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Moonlet Tugs at Saturn's Rings.
This Cassini photograph shows the power Saturn's tiniest moons have over its gossamer rings. This knot in Saturn's F ring is caused by the gravitational influence of a tiny moon... or moons. scientists believe there could be several tiny moonlets of various sizes perturbing the rings to create these knots. Cassini took this image on Sept. 25, 2006 when it was approximately 255,000 kilometers (159,000 miles) from Saturn.
The Cassini spacecraft has revealed a never-before-seen level of detail in Saturn's F ring, including evidence for the perturbing effect of small moonlets orbiting in or close to the ring's bright core.
For some time, scientists have suspected the presence of tiny moonlets that orbit Saturn in association with the clumpy and braided-looking ring. As the small satellites move close to the F ring core they leave a gravitational signature. In some cases they can draw out material in the form of a “streamer”–a miniature version of the interaction Cassini has witnessed between Prometheus and the F ring material. The dynamics of this interaction are the same, but the scale is different. See Passing Lane for a view of Prometheus creating a streamer.
Scientists speculate that there could be several small moons with a variety of sizes involved in the creation of structures like the one seen here.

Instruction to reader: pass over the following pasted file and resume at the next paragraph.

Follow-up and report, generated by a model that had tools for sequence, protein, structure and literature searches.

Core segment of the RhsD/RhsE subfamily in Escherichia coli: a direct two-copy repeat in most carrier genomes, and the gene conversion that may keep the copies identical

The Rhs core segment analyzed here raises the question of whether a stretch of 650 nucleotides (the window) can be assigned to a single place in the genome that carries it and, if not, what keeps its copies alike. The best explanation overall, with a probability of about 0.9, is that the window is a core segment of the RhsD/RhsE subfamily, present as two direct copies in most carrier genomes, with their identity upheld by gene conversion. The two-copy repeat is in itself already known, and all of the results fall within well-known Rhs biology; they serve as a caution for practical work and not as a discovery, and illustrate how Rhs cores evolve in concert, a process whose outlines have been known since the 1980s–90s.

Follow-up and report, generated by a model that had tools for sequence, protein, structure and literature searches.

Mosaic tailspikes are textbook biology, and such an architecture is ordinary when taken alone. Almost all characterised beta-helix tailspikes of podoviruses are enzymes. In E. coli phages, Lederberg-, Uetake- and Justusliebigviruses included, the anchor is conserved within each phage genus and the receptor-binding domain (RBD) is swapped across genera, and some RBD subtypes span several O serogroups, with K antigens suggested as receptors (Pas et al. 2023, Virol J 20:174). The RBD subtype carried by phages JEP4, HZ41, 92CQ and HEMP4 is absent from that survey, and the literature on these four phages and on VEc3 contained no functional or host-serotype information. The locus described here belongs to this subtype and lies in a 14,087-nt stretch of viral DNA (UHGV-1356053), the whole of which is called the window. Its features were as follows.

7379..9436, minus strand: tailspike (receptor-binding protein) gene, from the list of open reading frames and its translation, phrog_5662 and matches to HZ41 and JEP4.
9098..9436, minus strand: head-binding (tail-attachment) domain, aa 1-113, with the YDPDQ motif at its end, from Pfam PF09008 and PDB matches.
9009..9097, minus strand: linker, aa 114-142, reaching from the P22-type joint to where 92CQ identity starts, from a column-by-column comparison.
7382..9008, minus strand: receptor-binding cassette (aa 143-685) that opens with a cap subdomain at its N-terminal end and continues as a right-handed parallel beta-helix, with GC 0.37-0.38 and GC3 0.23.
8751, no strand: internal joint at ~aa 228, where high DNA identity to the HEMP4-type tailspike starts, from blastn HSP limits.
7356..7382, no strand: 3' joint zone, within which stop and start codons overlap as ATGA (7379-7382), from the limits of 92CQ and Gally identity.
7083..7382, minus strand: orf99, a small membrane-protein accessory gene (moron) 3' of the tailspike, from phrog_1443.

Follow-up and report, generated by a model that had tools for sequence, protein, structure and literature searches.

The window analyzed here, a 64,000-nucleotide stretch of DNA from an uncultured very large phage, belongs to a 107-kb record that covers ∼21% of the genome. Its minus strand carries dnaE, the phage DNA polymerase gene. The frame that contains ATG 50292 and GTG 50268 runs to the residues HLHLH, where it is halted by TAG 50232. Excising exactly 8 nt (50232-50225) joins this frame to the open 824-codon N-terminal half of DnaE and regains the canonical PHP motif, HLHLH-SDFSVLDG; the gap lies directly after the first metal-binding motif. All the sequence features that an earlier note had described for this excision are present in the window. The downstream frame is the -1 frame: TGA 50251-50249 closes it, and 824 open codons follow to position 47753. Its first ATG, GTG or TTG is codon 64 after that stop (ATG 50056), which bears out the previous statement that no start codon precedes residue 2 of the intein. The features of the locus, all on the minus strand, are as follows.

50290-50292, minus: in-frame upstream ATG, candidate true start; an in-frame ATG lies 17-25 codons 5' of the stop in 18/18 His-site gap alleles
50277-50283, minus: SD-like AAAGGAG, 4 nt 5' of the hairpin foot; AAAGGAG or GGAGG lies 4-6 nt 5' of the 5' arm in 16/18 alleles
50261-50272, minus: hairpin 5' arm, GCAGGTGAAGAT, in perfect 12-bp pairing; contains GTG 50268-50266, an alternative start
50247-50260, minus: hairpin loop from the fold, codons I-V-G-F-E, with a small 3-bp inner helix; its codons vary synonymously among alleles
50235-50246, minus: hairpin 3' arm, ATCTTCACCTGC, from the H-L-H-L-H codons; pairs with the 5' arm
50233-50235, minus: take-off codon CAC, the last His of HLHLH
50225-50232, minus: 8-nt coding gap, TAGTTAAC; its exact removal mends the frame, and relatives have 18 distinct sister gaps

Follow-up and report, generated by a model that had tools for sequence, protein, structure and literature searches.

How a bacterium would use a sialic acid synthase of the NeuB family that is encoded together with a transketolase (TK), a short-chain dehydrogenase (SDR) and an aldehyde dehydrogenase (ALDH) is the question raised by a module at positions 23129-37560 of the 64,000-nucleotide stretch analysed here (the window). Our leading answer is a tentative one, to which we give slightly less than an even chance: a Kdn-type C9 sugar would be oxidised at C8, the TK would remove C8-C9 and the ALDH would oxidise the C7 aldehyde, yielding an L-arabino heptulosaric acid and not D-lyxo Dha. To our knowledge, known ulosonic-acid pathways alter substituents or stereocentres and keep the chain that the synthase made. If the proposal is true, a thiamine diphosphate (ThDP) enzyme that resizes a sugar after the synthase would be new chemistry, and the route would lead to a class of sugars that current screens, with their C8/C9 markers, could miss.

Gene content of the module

The image was taken in visible light with the Cassini spacecraft narrow-angle camera on Sept. 25, 2006 at a distance of approximately 255,000 kilometers (159,000 miles) from Saturn and at a Sun-Saturn-spacecraft, or phase, angle of 29 degrees. Scale in the original image was 1 kilometer (3,873 feet) per pixel. The image has been magnified by a factor of two and contrast enhanced.
The Cassini-Huygens mission is a cooperative project of NASA, the European Space Agency and the Italian Space Agency. The Jet Propulsion Laboratory, a division of the California Institute of Technology in Pasadena, manages the mission for NASA's Science Mission Directorate, Washington, D.C. The Cassini orbiter and its two onboard cameras were designed, developed and assembled at JPL. The imaging operations center is based at the Space Science Institute in Boulder, Colo.
Original Source: NASA/JPL/SSI News Release
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